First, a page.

The power of prayer is exceedingly strong. It can reverse a harsh decree and turn it into a merciful decree. The Jewish People have experienced situations where Hashem’s wrath was kindled against them, and He cast upon them a decree of annihilation, but prayer reversed the decree. In the Gemara passage in Yevamos cited above, R. Yitzchak teaches further: “Why are the prayers of the righteous likened to a pitchfork? To teach us that, just a pitchfork turns the stalks of grain over and moves them from one place to another, so, too, the prayers of the righteous leads Hashem to reverse His stance, to set aside the Attribute of Wrath and take up instead the Attribute of Compassion.”
A person should constantly remember the following saying: “Prayer is heard when the soul is submissive, the eye weeps bitterly, shedding tears, and the heart feels remorse.”
Chapter 2 (beginning)
There are two basic types of prayer: praising Hashem for blessings He granted in the past, and pleading to Hashem to grant aid in the future. Each of these types has several forms. There are several terms for praise, including  רון, שיר ,שבח ,הלל, הודיה, זמרהand a few others. Similarly, in Devarim Rabbah 2:1, our Sages teach that there are ten different terms for prayer: שעוה, צעקה, נאקה ,רנה ,פגיעה ,ביצור ,קריאה ,נפול ,פלול, תחנונים. We are not going to define these various terms and analyze the differences between them. We simply note that, just as the human body is a single unit with many different organs – each one with a distinct name, in accordance with its function – so, too, prayer is a general heading embracing in a single term many different forms of expression, each with its own unique character.
David Zucker, Site Administrator

Shabbos Parashas Vayikra: The Maggid on Prayer, Part 1

This week we begin reading sefer Vayikra, which deals primarily with the laws concerning the offerings brought in the Mishkan and the Beis HaMikdash. At present, we do not have a Beis HaMikdash to bring offerings; in their place we have the daily prayers, which our Sages call “service of the heart.” I therefore decided to present in the coming weeks a series of pieces on prayer, taken from the Maggid’s Sefer HaMiddos, Shaar HaTefillah.
Introduction to Shaar HaTefillah
Our Sages say (Berachos 6b): “What is the meaning of the phrase כְּרֻם זֻלּוּת לִבְנֵי אָדָם (Tehillim 12:9)? This refers to matters that stand at the heights of the world (רומו של עולם), but which people take lightly (מזלזלים בהם).” This statement applies to all the berachos and prayers that we recite each day: Our mouths are filled with song as expansive as the sea, and our tongues with lyrical praise like the sea’s multitudinous waves, but our hearts are totally empty. It is as Yeshayah said (verse 29:13): “For this people approaches, honoring Me with their mouths and lips, but their hearts are distant from Me.” The sages of earlier generations have already written at length exhorting us vigorously about this matter, and therefore we will limit our discussion of the topic to the minimum necessary. We will describe the essence, nature, loftiness, and benefits of prayer, and explain why people generally tend to take prayer lightly.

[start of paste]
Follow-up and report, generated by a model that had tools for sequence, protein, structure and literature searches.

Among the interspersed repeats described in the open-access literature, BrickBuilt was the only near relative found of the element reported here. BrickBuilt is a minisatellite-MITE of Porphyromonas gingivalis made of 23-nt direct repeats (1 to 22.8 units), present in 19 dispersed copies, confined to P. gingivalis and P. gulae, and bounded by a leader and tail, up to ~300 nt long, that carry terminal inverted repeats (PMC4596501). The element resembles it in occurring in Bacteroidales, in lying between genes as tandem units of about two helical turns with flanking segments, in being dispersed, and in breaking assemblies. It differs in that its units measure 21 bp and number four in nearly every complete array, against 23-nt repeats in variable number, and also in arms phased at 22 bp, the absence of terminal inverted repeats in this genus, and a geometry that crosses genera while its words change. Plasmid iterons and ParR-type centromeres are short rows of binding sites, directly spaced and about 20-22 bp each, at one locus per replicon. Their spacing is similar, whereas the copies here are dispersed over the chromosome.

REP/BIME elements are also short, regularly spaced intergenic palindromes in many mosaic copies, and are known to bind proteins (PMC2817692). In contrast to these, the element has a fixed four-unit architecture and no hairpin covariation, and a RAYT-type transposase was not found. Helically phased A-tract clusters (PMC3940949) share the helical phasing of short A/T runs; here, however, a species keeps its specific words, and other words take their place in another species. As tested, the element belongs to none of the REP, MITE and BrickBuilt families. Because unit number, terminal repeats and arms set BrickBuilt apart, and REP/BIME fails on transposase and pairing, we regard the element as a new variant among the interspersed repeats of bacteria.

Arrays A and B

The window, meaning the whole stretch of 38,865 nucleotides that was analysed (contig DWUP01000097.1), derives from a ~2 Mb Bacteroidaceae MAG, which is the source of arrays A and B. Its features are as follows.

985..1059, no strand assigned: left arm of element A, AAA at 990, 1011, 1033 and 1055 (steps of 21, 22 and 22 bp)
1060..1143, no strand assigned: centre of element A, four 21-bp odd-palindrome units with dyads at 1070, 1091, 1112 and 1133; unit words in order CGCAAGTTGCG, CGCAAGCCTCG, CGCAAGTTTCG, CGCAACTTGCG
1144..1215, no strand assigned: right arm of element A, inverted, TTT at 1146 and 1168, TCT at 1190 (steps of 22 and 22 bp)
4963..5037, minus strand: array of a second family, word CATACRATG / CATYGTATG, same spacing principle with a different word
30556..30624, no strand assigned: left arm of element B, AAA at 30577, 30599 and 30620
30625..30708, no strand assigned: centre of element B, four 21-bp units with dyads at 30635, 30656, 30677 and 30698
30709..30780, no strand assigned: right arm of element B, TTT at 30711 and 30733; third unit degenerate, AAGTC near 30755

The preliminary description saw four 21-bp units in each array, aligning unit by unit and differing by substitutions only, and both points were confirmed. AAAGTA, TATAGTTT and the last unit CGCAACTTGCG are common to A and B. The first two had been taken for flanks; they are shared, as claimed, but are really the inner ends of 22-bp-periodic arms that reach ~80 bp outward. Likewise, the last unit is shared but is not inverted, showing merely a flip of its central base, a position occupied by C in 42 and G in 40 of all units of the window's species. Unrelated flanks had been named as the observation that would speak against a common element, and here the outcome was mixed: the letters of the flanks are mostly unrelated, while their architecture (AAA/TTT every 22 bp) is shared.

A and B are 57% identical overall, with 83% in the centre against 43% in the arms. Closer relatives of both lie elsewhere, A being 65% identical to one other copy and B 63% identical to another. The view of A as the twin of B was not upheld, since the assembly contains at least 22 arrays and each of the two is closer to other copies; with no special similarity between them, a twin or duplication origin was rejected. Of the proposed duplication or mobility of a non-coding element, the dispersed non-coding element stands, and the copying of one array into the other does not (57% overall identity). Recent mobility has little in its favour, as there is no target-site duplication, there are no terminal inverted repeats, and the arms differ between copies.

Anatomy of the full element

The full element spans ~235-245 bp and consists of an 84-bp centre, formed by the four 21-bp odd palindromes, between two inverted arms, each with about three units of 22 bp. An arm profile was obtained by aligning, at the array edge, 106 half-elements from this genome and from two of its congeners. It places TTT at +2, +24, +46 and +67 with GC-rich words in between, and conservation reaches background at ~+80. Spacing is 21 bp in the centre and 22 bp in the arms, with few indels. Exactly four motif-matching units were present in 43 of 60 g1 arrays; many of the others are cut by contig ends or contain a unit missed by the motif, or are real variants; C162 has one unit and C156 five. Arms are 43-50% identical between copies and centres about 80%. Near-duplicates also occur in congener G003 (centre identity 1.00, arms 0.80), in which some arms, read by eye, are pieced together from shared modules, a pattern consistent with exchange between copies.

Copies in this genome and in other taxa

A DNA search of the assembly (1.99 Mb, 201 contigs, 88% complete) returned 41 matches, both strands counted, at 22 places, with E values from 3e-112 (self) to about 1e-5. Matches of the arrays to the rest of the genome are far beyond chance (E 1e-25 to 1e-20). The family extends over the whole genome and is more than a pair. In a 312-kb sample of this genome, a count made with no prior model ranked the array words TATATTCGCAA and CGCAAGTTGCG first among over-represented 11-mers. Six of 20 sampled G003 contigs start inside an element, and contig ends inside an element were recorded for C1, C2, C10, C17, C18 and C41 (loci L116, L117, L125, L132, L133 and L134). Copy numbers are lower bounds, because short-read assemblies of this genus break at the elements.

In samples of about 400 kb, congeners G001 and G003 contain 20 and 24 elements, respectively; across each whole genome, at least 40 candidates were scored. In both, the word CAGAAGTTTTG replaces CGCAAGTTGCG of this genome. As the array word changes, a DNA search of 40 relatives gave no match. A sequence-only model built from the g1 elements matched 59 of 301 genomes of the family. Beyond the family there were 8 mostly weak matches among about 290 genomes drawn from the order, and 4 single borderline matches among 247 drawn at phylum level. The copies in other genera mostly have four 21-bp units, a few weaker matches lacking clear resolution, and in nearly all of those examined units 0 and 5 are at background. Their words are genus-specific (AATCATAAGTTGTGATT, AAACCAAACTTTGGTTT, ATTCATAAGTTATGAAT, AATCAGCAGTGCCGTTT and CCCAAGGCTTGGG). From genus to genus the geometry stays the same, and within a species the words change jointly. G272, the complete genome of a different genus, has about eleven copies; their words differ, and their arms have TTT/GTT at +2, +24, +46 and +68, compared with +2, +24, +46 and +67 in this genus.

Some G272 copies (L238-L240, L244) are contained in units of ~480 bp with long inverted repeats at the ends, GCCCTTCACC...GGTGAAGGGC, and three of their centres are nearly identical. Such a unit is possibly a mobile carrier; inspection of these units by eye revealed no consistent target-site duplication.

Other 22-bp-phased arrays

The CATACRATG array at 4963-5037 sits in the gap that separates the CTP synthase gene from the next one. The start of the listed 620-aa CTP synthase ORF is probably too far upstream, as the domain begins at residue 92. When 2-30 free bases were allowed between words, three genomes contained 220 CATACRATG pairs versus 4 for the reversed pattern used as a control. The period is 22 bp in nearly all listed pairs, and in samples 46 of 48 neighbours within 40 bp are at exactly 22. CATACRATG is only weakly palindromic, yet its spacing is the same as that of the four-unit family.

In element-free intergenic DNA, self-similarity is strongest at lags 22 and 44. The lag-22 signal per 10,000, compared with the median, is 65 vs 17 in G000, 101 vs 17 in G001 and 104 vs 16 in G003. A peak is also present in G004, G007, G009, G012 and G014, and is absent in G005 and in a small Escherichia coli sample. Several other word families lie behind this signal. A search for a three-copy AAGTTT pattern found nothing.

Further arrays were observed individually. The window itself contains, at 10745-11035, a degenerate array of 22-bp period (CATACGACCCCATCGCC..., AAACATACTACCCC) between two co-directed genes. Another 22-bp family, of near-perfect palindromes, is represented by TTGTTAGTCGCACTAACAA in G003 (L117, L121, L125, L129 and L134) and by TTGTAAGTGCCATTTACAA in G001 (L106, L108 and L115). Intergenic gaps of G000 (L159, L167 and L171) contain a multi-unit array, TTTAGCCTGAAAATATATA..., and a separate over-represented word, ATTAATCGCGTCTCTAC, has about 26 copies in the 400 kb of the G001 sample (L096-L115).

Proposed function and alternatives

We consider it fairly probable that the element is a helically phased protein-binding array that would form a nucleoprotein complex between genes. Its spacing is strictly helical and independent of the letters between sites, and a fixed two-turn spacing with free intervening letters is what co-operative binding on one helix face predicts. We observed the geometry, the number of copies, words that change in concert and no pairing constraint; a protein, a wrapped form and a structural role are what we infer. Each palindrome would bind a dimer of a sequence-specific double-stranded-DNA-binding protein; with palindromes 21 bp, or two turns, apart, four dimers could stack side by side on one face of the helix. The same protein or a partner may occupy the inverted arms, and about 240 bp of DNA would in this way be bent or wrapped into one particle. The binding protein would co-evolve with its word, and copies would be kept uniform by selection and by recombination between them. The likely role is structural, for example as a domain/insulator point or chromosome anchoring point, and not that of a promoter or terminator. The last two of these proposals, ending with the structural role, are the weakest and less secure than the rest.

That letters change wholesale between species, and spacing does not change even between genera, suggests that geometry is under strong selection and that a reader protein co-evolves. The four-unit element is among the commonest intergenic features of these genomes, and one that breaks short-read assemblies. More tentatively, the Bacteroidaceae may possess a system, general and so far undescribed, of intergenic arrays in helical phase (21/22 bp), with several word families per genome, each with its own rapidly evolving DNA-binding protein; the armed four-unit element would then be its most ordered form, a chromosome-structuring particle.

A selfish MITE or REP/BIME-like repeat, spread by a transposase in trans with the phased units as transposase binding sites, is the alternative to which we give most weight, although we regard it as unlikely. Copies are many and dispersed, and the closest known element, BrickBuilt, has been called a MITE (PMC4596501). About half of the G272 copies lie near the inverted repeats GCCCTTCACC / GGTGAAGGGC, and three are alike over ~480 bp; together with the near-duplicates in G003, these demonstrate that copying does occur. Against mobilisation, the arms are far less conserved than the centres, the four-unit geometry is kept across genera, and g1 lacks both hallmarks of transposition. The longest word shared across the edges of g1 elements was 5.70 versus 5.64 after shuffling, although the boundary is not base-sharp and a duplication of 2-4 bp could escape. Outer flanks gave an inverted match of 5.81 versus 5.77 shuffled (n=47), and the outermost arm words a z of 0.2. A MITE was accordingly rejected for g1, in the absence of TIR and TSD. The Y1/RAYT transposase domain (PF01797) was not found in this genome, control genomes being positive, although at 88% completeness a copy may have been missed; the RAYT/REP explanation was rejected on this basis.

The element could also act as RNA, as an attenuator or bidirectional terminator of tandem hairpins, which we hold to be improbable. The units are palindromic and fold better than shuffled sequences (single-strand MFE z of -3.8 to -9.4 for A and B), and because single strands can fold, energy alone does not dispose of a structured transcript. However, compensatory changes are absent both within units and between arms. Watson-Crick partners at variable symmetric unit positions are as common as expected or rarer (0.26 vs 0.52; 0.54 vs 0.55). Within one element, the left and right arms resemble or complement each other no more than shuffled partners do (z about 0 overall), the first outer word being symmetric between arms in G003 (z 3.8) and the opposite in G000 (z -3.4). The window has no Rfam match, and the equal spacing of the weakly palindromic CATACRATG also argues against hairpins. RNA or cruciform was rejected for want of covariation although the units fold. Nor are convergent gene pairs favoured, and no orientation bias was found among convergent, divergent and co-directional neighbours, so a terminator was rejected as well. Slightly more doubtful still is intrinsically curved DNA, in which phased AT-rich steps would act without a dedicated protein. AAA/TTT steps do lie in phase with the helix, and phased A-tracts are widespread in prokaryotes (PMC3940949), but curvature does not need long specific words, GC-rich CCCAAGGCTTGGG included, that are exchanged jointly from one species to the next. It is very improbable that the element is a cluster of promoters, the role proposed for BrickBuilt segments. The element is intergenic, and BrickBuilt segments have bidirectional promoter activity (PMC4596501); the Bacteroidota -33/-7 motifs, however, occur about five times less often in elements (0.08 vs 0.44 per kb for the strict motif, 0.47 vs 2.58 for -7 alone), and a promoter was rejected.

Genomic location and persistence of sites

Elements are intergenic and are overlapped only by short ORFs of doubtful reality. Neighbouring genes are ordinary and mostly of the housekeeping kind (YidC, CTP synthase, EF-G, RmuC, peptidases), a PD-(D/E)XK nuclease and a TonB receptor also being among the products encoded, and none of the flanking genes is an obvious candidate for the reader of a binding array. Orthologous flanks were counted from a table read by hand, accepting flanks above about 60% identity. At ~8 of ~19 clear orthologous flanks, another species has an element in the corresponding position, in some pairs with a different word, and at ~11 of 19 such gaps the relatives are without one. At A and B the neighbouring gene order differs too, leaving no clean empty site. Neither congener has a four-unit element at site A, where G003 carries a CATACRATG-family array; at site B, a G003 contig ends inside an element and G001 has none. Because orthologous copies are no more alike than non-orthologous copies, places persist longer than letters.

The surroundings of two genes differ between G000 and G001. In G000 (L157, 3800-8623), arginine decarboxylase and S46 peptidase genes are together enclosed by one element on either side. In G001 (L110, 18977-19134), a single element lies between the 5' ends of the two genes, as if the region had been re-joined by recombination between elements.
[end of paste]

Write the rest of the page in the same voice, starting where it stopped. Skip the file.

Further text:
Chapter 1 (beginning)
Prayer, in its essence, is an expression of the forthright admissions of a person’s heart. A person engaged in true prayer properly is acutely aware of his meager worth, his lowly station, and the enormous extent of his shortcomings. Our Sages taught that a person who is praying must stand in submission and humbleness of spirit, to place his feet together and shut his eyes, to refrain from lifting a hand or foot, and even from blinking an eye – he must bring himself totally under the shadow of the Supreme Provider, Blessed Be He. The supplicant must realize how puny he is, that he has no power of his own accord. He does not even have the power to open his mouth to pray; rather, he must ask Hashem for mercy and plead: “My Lord, open my lips, and mouth will relate Your praise.” He must recognize the good he has already received from the Supreme Benefactor. He must humble himself before his Creator, who has granted him an abundance of good, and who has the power to meet all of his needs. He must know that the Creator wants to grant good to His creations. Accordingly, when a person sets out to pray, he must first relate his Creator’s praise and recount His righteous deeds, and only afterward present his various requests, asking Hashem to sustain him, provide what he lacks, and open for him the treasure store of good that He keeps in His celestial abode.
Prayer is a dependable vehicle through which a person can lead Hashem to turn His attention to him, to show compassion for him, to grant him good, and to meet his needs. It is Hashem’s way, through His Attribute of Compassion, to show compassion to one who asks for it. If a person does not know how to pray, Hashem provides his needs as a free gift. But if a person knows how to pray and refrains from doing so, his conduct is prone to lead Hashem to withhold compassion from him, and instead to treat him harshly. The way Hashem relates to us is analogous to the way people relate to each other. A father of a small boy will show pity for him, check how he is doing, and provide what he needs even though he does not ask. A father will act differently, however, if his son is mature enough to be able to ask for what he needs, but does not do so. In this case the father will not be so caring, and may even treat his son harshly. It is all the more so with people who are unrelated to each other, such as a rich man and his poor neighbor. If the poor man stubbornly refuses to ask the rich man for help, the rich man will close his hand and refrain from giving to him, even though is able to.